278e, 2017 Annual Report for Donald J. Trump, Part 8 n.3 (May
15, 2018), https://oge.app.box.com/v/Trump2018Annual278
that "Mr. Trump fully reimbursed Mr. Cohen in
months later, then-Ranking Member Cummings wrote to White
House Counsel seeking documents related to President
Trump's payments to Cohen. See Letter from
Elijah E. Cummings, Ranking Member, House Committee on
Oversight and Reform, to Donald F. McGahn II, Counsel to the
President, The White House, and George A. Sorial, Executive
Vice President of the Trump Organization 4-5 (Sept. 12,
2018). That letter remained unanswered as of January 2019,
when Representative Cummings, who in the intervening months
had become Chairman Cummings, reiterated his request in a
second letter. See Letter from Elijah E. Cummings,
Chairman, House Committee on Oversight and Reform, to Pat
Cipollone, Counsel to the President, The White House 1-2
(Jan. 8, 2019). Chairman Cummings also wrote to the new
Director of the Office of Government Ethics, asking him, too,
for "documents related to President Donald Trump's
reporting of debts and payments to his personal attorney,
Michael Cohen." Letter from Elijah E. Cummings,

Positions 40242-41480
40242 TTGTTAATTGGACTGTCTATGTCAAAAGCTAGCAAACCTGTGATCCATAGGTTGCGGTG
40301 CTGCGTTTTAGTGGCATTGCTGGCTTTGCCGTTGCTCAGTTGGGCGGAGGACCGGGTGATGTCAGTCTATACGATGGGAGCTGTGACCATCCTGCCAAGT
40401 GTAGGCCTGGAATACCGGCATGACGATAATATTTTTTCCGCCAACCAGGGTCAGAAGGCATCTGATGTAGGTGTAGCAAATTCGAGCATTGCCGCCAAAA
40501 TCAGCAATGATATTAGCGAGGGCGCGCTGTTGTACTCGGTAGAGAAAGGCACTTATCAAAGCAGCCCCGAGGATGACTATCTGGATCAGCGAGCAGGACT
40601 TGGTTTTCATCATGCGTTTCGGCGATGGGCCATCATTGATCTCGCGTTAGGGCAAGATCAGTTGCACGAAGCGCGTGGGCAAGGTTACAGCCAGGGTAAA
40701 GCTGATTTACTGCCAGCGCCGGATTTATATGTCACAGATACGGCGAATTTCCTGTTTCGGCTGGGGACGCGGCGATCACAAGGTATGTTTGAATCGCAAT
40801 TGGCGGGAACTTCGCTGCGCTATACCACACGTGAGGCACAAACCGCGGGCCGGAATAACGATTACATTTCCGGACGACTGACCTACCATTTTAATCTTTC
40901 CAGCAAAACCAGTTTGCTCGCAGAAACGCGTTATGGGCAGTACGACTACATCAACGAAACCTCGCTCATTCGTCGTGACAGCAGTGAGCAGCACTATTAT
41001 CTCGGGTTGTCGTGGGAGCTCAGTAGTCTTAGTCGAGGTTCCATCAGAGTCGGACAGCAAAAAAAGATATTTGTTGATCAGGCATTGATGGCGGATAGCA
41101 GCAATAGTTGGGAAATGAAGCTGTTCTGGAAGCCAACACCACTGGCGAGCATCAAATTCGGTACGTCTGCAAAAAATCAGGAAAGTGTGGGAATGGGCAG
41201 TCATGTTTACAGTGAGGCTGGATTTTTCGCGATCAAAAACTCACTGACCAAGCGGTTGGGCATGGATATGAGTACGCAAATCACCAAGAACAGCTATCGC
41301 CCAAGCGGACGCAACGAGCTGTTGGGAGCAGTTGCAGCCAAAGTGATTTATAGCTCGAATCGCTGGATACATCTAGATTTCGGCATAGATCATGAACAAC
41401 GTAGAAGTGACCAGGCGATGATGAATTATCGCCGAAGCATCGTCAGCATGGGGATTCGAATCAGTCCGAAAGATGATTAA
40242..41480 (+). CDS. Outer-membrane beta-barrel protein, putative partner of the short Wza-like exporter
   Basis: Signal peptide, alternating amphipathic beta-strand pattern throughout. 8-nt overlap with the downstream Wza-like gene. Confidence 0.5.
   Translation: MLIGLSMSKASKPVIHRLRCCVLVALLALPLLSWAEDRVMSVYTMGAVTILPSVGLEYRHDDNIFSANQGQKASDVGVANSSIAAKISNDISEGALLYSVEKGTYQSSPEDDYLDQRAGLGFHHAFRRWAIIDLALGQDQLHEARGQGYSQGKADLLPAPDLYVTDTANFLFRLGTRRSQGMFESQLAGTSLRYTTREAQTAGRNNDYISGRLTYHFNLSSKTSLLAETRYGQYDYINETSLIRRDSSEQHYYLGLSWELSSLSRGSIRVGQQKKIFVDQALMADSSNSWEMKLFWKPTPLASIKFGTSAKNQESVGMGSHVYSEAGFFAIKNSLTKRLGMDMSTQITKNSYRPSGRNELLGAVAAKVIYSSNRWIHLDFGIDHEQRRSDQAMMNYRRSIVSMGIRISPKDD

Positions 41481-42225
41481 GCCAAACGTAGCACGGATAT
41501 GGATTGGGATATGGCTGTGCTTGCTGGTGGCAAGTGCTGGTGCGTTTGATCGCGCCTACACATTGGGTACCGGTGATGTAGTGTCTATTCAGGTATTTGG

Chairman, House Committee on Oversight and Reform, to Emory
A. Rounds III, Director, Office of Government Ethics 1 (Jan.
February, White House Counsel responded that the President
would consider permitting the Committee to review, on a
limited basis, a subset of the requested documents, but
Chairman Cummings rejected this proposal as inadequate.
See Letter from Elijah E. Cummings, Chairman, House
Committee on Oversight and Reform, to Pat Cipollone, Counsel
to the President, The White House 1 (Feb. 15, 2019)
("Cummings Feb. 15 Letter") (stating that the
President's offer to "consider providing Committee
staff with the ability to review limited portions of two of
the six categories of documents in camera"
would "not obviate the need . . . to fully comply"
(internal quotation marks omitted)). Citing the Oversight
Committee's status as "the authorizing Committee for
the Office of Government Ethics," the President's
statutory obligation to "file . . . public financial
disclosure report[s]," and Congress's "plenary
authority to legislate and conduct oversight regarding
compliance with ethics laws and regulations," Chairman
Cummings urged the White House "to provide documents
relevant to the Committee's investigation of these
matters." Id. at 7-8. "These documents
will help the Committee determine," he explained,
"why the President failed to report . . . payments and
whether reforms are necessary to address deficiencies with
current laws, rules, and regulations." Id. at
weeks later, Michael Cohen appeared at a hearing before the
Oversight Committee. See Hearing with Michael Cohen,
Former Attorney to President Donald Trump: Hearing Before the
House Committee on Oversight and Reform, 116th Cong.
(Feb. 27, 2019). He testified that he believed, based on his
experience working for President Trump, that the President
had "inflated his total assets when it served his
purposes" in some situations and had "deflated his